Syndicated columnist Katherine Salant has just written a fantastic piece, “Kitchen Design That Evokes and Invites Movement”, in the Saturday issue of the Washington Post:
Last week, I saw the most remarkable kitchen I have ever encountered.
It looked as though a dancer or a sculptor designed it.
On one side of a simple galley arrangement, the cabinets were held in the embrace of a thick, curved, black walnut butcher-block slab that was a study in movement. Rising from the floor, it flattened out at countertop height to become a work surface around the sink area, before curving up. Then, in a serpentine gesture, the slab turned back on itself, flattening out again to support the wall cabinets, before turning up again toward the 12-foot ceiling.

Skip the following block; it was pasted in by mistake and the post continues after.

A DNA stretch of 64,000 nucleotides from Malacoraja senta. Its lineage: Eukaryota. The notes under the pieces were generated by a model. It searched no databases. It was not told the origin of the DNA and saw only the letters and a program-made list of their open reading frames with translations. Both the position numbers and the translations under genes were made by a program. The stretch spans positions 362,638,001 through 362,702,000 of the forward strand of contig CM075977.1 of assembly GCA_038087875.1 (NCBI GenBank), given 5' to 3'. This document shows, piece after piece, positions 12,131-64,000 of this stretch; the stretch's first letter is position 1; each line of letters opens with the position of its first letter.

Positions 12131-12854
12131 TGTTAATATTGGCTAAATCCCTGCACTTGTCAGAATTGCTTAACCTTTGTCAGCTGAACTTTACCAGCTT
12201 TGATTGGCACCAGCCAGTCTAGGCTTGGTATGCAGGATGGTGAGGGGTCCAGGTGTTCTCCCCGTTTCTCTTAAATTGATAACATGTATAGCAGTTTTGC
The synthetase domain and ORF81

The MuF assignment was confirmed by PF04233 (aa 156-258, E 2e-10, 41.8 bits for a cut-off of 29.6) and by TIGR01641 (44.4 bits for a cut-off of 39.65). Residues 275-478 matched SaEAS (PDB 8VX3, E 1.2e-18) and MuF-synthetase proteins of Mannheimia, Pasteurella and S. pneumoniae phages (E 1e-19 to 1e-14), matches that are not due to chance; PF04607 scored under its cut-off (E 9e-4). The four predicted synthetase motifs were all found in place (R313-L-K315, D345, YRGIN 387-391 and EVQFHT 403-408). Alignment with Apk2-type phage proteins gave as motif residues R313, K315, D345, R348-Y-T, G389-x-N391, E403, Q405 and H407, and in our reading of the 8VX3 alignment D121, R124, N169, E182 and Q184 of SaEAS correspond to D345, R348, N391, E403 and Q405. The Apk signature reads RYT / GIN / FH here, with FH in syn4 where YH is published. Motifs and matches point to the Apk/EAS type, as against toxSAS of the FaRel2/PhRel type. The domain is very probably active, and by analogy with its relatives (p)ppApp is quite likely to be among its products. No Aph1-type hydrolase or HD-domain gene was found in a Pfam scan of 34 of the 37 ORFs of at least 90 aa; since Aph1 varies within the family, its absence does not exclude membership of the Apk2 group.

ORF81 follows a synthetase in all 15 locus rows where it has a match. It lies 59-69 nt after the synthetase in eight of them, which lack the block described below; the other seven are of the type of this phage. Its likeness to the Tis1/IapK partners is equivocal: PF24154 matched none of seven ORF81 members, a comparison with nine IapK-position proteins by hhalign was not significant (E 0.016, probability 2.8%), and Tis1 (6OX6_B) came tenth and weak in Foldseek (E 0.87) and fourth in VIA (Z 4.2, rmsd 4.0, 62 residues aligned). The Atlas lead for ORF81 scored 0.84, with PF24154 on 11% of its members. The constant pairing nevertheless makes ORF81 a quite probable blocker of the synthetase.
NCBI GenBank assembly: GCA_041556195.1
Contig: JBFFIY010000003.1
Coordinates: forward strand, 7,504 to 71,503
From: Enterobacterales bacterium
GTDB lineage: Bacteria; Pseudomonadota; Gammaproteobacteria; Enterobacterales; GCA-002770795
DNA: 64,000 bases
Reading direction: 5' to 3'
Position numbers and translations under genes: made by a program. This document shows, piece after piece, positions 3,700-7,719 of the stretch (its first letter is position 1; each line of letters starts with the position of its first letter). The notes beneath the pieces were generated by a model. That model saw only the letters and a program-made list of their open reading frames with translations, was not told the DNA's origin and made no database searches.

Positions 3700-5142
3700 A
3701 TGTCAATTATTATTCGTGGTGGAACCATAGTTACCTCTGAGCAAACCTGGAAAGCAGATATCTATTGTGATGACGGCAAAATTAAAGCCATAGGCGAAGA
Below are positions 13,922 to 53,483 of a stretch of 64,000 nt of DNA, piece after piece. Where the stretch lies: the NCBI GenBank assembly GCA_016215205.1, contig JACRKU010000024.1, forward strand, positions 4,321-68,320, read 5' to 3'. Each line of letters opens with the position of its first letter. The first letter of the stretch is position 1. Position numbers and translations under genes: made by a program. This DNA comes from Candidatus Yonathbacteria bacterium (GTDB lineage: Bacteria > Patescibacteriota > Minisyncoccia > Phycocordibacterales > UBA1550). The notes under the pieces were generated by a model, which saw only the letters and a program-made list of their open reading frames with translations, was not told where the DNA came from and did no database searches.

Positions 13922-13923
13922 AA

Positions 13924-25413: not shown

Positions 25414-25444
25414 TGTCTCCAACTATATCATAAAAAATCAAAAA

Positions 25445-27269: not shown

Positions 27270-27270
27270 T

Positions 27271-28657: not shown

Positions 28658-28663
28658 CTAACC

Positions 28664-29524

Opposite this study in butcher-block dynamism, a second curved slab rose from the floor, flattened out to be a work surface around a cook top, and then curved back down to the floor, like a dancer doing a backbend. Unlike the sink side with its cabinets, the space below the cook top held an open rack for storing pots and pans, a subtle gesture that made the space in the long and narrow 13-by-40-foot room feel more generous.
The mastermind behind this remarkable display was Johnny Grey, a British kitchen designer with a background in architecture and a refreshingly different approach to domestic spaces.